If you want to get the media’s attention, use the words, “dangerous” or “harmful.” Zhang clearly knows this, as he tries to alarm the public about TCM. TCM treatments are not innocuous. They are powerful therapies that must be administered by qualified professionals. Luckily, in British Columbia, TCM is a regulated health profession. We must be licensed and registered in order to practice. I, and most of my B.C. colleagues, use only one-time use sterile needles. Good practitioners will also answer your questions about the quality and source of the herbs and supplements they provide. The herbs I use are from third party tested suppliers that verify the herbs are free of contaminants. I do not use herbs from endangered animals or that are harvested unethically. If these are issues that are important to you—and I hope they are—ask your practitioner. So, breathe a sigh of relief, Traditional Chinese Medicine is a safe practice.
In a time of technology-focused quick fixes, Traditional Chinese Medicine has managed to gain ground in its use around the world because it is an effective medicine. Scientific study requires a hypothesis that is tested through careful observation. TCM has thousands of years of close observational study of a vast number of individuals. The World Health Organization supports its use for over fifty health conditions. Gold standard double-blind research studies are hard to perform with holistic therapies, as this type of medicine needs to be customized to the unique needs of each individual. Large scale studies are expensive and placebo control is hard to do effectively for acupuncture. However, there are good studies available for a wide variety of health conditions, including pain, fertility, and digestive issues. There are studies to demonstrate that acupuncture boosts endorphins, improves circulation, and changes brain activity to effect whole body changes.
On to the second question, is it a good idea for the government to fund a TCM schooling program? This question is a lot harder for me to answer. I am glad that TCM is gaining widespread recognition, and for it to be taught in a university setting is a big leap toward broader acceptance. However, I appreciate the work that the good private TCM schools do to teach a full understanding of this intricate medical system. I worry that a publicly funded schooling system might end up teaching a “cookbook” style of TCM that states that “X” points or herbs are to be used for “Y” diseases and symptoms, just as the pharmaceutical world does. Anyone who has gone through the long years of study to be licensed, and the even greater hours of ongoing study throughout a career in TCM, knows that TCM diagnosis and treatment is complex. I would hope that a public schooling program will not lose the nuances of this ever evolving practice.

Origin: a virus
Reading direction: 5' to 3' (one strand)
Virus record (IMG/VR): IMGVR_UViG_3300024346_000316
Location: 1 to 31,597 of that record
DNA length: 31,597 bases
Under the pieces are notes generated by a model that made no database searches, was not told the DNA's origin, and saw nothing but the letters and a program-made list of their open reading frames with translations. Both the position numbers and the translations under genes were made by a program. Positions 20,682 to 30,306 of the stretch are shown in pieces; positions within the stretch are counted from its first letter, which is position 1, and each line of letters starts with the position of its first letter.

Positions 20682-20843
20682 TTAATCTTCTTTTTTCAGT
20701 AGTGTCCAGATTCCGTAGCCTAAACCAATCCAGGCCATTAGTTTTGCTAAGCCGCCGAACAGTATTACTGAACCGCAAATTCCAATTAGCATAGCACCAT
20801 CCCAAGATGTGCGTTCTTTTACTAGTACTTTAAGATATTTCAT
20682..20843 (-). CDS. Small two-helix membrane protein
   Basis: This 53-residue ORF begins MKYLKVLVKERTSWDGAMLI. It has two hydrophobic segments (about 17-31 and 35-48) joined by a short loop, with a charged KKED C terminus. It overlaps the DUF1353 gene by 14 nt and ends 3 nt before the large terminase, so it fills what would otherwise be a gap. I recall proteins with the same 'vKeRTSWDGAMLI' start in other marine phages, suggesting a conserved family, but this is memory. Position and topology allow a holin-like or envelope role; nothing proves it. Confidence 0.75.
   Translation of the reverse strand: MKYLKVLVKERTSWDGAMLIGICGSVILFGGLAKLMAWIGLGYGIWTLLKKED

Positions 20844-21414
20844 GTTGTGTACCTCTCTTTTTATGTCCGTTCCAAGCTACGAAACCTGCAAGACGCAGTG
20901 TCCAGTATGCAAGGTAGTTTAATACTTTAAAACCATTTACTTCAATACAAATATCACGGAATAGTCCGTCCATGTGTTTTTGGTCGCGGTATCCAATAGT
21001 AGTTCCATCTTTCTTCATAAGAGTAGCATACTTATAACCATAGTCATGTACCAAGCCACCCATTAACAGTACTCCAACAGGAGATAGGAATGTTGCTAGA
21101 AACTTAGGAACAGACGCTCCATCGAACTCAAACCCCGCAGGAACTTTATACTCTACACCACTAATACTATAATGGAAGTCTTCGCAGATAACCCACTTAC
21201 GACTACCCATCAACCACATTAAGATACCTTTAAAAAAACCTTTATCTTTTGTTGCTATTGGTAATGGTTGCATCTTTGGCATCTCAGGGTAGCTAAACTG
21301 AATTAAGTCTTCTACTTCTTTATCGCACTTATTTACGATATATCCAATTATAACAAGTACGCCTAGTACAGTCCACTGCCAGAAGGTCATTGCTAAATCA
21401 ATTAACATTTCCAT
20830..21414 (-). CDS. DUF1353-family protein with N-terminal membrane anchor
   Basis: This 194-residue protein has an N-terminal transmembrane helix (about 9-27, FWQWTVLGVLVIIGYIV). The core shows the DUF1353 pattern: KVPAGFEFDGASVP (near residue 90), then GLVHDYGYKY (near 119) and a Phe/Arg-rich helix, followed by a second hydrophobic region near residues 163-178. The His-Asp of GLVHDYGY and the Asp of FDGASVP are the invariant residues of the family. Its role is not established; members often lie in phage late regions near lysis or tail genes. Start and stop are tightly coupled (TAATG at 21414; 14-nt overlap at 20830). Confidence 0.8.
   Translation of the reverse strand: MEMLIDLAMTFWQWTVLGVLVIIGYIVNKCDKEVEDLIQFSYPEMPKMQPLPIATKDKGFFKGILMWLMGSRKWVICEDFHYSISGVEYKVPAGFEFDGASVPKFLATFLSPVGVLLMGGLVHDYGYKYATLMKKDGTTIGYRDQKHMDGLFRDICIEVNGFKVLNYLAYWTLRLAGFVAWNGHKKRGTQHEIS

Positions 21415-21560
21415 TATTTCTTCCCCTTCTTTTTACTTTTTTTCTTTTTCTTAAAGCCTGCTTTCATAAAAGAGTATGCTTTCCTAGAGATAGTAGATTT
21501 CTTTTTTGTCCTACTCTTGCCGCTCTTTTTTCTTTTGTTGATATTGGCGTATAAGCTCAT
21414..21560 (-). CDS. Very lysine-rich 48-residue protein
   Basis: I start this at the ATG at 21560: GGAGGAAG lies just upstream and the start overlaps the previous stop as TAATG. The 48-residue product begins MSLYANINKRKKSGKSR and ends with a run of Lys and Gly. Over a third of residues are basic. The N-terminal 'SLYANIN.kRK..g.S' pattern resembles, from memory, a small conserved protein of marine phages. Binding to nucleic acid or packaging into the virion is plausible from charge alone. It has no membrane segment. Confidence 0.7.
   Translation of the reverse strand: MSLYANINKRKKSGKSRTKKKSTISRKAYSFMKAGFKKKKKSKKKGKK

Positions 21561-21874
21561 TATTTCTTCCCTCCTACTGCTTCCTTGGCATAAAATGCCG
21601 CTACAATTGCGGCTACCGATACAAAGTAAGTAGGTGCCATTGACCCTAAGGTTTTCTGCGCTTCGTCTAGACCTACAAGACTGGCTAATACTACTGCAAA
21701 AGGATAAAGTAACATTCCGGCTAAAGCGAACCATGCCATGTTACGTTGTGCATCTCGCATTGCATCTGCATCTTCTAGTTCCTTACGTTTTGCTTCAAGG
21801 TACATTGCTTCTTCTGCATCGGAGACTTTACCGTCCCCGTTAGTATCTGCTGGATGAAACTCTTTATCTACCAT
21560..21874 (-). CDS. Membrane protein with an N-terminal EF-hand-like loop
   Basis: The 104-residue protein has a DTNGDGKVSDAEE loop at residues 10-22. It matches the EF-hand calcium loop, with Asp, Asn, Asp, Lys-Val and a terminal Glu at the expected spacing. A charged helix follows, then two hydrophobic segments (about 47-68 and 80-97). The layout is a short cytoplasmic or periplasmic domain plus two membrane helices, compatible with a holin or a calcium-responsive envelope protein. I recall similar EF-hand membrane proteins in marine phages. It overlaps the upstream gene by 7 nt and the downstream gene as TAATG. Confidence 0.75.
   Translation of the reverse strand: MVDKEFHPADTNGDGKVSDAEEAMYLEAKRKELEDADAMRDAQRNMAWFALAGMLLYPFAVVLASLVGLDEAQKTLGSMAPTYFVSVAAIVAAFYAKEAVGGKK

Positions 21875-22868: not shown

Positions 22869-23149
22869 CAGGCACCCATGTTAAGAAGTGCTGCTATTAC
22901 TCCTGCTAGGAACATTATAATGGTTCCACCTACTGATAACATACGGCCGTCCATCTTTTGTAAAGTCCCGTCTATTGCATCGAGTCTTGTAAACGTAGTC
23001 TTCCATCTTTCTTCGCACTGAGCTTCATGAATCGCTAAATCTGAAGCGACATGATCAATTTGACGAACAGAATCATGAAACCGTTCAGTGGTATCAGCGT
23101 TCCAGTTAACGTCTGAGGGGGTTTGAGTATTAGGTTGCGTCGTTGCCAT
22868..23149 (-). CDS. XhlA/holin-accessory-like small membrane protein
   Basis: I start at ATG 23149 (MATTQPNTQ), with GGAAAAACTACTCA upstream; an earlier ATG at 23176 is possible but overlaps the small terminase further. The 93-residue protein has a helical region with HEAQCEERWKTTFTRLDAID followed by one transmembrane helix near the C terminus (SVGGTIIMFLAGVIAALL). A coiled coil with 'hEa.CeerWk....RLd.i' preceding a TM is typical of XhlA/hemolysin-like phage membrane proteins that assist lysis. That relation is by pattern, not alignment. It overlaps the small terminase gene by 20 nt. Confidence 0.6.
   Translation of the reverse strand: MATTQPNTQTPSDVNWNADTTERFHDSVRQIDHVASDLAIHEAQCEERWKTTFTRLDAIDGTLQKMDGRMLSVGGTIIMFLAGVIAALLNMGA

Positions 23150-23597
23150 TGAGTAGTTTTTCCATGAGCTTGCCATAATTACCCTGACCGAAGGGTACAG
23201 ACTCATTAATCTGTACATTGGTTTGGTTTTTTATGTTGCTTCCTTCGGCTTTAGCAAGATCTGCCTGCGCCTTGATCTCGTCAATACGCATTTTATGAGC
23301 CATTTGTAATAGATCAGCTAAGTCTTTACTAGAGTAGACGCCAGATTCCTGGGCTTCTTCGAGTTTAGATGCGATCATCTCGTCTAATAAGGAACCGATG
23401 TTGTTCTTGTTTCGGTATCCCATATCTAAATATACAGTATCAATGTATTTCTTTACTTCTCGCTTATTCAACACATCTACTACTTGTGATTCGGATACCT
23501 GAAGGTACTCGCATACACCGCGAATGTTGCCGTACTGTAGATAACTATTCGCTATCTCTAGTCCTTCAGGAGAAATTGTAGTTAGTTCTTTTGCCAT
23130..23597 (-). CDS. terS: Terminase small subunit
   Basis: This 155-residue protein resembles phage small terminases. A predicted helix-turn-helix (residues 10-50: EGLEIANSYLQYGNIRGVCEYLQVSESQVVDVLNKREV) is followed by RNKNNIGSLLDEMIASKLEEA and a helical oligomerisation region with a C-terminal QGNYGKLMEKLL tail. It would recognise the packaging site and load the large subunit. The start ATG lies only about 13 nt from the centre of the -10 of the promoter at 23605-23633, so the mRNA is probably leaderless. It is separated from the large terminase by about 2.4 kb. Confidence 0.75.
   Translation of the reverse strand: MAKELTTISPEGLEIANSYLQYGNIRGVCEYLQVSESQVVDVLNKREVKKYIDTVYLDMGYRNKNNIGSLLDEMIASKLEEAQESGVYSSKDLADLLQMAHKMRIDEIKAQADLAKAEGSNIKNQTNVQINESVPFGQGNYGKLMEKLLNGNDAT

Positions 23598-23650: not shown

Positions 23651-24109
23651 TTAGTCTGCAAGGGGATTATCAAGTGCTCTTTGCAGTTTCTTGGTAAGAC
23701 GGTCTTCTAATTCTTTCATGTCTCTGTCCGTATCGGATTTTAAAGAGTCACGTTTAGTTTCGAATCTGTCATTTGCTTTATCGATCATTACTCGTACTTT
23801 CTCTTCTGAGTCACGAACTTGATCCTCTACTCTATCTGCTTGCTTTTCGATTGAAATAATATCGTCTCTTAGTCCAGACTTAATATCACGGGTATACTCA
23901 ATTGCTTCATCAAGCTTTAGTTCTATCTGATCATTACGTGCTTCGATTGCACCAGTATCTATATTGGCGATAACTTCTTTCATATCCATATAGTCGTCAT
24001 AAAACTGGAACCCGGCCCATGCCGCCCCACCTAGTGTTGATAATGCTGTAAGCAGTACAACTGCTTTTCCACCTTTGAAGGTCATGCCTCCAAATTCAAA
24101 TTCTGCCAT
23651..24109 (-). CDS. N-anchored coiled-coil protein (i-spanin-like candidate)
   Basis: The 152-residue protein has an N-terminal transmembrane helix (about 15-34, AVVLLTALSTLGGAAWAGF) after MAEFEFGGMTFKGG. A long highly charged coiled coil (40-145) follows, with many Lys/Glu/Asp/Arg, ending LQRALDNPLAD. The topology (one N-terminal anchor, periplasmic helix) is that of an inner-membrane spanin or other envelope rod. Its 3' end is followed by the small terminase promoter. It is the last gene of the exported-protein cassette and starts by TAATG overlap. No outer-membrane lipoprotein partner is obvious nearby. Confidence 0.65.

Pharmaceuticals, surgeries, MRIs, CT scans, and other advanced testing methods of the conventional care model are expensive. Traditional Chinese Medicine offers high skill, low technology options that can be integrated into the current system. In addition, holistic therapists teach the patient how to be an integral part of the wellness plan, offering guidance for lifestyle changes that contribute to long-term health benefits. This knowledge and these skills must be taught to students of TCM, so with the growing public demand for health practices and treatments that can be integrated into a conventional care plan, it’s wise for the government to be funding options. With better chronic illness prevention and disease management, we stand to save money in the long-term.
Zhang said that “there are many Chinese people who don’t even believe in TCM.” This debate is not about belief. It is about facts, and the fact is that TCM is safe, effective, and a lower cost alternative to many conventional medical options.
“Believe in magic.” I heard this said this morning and it seemed timely. Tonight I sit writing this blog and watching “Polar Express.” “I believe” says the little boy. Flying reindeer, elves making toys, and a big man in a red suit who knows all and delivers presents around the world in one night—a time of magical wonder. All of these things I believed in as a kid, along with the tooth fairy, the Easter bunny, and so much more.
Wouldn’t it be nice to believe in magic again? As adults, we question most everything. I regularly question if something will work. It’s my job to look into the evidence behind treatments, supplements, and health information. It’s my job to explain how acupuncture and the other therapies I use work. I usually talk about how acupuncture increases local blood flow, at least in part by stimulating the release of nitric oxide. I speak to how acupuncture causes the body to release chemicals like serotonin, a feel good hormone that can reduce symptoms of depression, pain, anxiety, and stress, while supporting healing. Evidence has also demonstrated that acupuncture points have lower bioelectric and biomagnetic resistance than other areas, and that placing a needle in an acupuncture point changes how the brain reacts.
But my favourite way to explain how acupuncture works is, “it moves Qi.” Qi is most commonly translated as energy. Some have explained that Qi is actually better translated as oxygen. But I prefer to think of it as magic!
Life is magic. Love is magic. Healing is magic.
When you think of what you would like from 2014, wouldn’t you like to have a little magic?
On the first day of Christmas my true love gave to me…
A natural immune boosting shot
On the second day of Christmas my true love gave to me…
Two gluten-free cookies
and a natural immune boosting shot
On the third day of Christmas my true love gave to me…
Three kale shakes
two gluten-free cookies
and a natural immune boosting shot…
Four vitamin D drops
Five TCM consultations!
Six green teas
Seven days to rest
Eight yoga classes
Nine press needles
Ten herbal formulas
Eleven Grouse Grind climbs
TWELVE acupuncture treatments!